Are you worried about an adult?
Please call 0344 800 8020Further Information
CQC’s new report, Opening the door to change, examines the issues that contribute to the occurrence of never events and wider patient safety incidents in NHS trusts in England. The report is calling a change in safety culture across the NHS to reduce avoidable harm.
The review found that too many people are being injured or suffering unnecessary harm because NHS staff are not supported by sufficient training, and because the complexity of the current patient safety system makes it difficult for staff to ensure safety is an integral part of everything we do.
CQC has been commissioned by the Secretary of State for Health and Social Care to review the use of restraint, prolonged seclusion and segregation in settings that provide care for people with mental health problems, a learning disability and/or autism.
CQC has powers under the Health and Social Care Act 2008 to access and use information where they consider this is necessary for them to carry out their functions as a regulator. Where possible inspectors should explain why they are asking to look at certain records. They will consider any concerns and objections raised to them, and whether they can achieve CQC’s purpose by accessing the records of someone else. However, CQC relies on its legal powers to access information rather than consent, therefore may use its powers to access records even in cases where objections have been raised.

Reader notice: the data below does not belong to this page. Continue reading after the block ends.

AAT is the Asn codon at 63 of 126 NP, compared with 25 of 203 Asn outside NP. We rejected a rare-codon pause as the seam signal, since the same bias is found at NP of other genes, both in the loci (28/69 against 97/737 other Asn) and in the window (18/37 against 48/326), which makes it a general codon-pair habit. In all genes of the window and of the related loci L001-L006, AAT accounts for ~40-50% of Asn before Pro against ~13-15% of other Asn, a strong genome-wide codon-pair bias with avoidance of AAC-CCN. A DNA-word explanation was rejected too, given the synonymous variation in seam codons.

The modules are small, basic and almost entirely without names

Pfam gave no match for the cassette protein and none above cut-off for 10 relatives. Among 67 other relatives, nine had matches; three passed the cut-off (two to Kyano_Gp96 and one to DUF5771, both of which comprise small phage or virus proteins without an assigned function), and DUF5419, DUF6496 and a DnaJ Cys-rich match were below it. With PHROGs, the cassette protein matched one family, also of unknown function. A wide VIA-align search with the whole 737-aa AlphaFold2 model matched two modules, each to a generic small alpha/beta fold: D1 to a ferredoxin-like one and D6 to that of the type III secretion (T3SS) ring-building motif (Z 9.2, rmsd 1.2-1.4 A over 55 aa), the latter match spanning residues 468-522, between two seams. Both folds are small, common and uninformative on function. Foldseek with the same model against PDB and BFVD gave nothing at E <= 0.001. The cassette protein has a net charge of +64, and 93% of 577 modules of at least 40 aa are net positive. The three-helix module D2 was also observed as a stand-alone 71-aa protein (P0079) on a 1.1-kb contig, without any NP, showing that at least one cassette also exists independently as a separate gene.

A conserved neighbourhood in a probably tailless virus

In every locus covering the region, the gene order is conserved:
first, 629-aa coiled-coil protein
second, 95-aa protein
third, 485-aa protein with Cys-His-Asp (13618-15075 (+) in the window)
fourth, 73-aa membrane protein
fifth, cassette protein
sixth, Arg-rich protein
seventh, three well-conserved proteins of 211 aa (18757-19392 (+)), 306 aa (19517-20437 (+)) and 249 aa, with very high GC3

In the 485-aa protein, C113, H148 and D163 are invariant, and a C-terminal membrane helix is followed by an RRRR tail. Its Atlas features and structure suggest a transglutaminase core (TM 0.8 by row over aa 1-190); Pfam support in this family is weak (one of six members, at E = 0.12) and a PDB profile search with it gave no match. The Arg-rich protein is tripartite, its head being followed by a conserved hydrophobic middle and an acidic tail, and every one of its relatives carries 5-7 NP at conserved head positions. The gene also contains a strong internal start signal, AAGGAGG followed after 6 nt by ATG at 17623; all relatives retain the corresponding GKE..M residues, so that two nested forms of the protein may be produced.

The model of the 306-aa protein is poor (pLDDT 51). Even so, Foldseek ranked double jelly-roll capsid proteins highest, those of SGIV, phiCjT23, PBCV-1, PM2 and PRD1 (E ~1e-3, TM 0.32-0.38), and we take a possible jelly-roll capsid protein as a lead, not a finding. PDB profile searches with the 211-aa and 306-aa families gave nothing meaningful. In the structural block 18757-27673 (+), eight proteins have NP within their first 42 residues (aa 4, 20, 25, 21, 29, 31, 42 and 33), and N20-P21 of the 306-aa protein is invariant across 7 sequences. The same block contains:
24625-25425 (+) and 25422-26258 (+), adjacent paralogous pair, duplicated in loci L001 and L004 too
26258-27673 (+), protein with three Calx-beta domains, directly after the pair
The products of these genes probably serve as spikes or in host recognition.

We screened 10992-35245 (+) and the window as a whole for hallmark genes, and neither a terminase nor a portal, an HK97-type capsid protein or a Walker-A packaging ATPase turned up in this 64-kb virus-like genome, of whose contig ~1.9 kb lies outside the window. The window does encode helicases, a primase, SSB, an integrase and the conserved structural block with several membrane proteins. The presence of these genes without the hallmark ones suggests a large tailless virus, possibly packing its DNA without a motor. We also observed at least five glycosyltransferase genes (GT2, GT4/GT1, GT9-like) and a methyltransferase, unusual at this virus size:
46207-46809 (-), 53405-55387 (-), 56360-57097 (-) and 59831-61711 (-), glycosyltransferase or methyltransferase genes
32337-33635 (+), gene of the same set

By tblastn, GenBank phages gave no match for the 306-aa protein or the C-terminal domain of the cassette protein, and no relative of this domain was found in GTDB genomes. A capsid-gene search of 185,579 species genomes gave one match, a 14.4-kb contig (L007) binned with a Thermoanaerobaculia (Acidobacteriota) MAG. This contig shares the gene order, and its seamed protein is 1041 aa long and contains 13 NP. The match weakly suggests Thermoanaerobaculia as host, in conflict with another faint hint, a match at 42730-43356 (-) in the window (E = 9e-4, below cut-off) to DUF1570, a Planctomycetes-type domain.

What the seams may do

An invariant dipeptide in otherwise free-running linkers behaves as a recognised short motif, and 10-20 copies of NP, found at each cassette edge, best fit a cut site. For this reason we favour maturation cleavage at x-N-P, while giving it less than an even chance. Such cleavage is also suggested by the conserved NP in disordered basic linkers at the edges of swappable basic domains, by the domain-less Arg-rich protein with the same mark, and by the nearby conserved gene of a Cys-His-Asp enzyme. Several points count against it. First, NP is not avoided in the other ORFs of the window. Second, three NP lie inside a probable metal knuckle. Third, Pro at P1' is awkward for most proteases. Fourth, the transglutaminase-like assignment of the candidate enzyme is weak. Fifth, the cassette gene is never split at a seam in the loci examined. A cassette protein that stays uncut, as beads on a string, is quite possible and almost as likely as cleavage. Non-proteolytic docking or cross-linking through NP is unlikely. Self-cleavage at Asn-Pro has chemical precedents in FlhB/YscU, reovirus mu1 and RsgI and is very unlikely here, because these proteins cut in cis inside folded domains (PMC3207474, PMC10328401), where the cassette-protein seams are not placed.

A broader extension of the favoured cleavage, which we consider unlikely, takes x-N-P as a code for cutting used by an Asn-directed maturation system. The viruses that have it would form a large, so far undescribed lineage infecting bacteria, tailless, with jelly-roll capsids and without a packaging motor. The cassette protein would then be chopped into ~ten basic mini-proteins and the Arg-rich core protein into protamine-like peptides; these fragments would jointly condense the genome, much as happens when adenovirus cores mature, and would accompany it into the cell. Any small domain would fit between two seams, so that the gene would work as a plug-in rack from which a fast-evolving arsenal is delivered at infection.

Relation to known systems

The public has a right to know how care services are performing. To help them do this, Regulation 20A became a legal requirement in April 2015. This means:
CQC have recently made a minor amendment to their guidance. CQC has developed posters and digital products to help providers do this easily.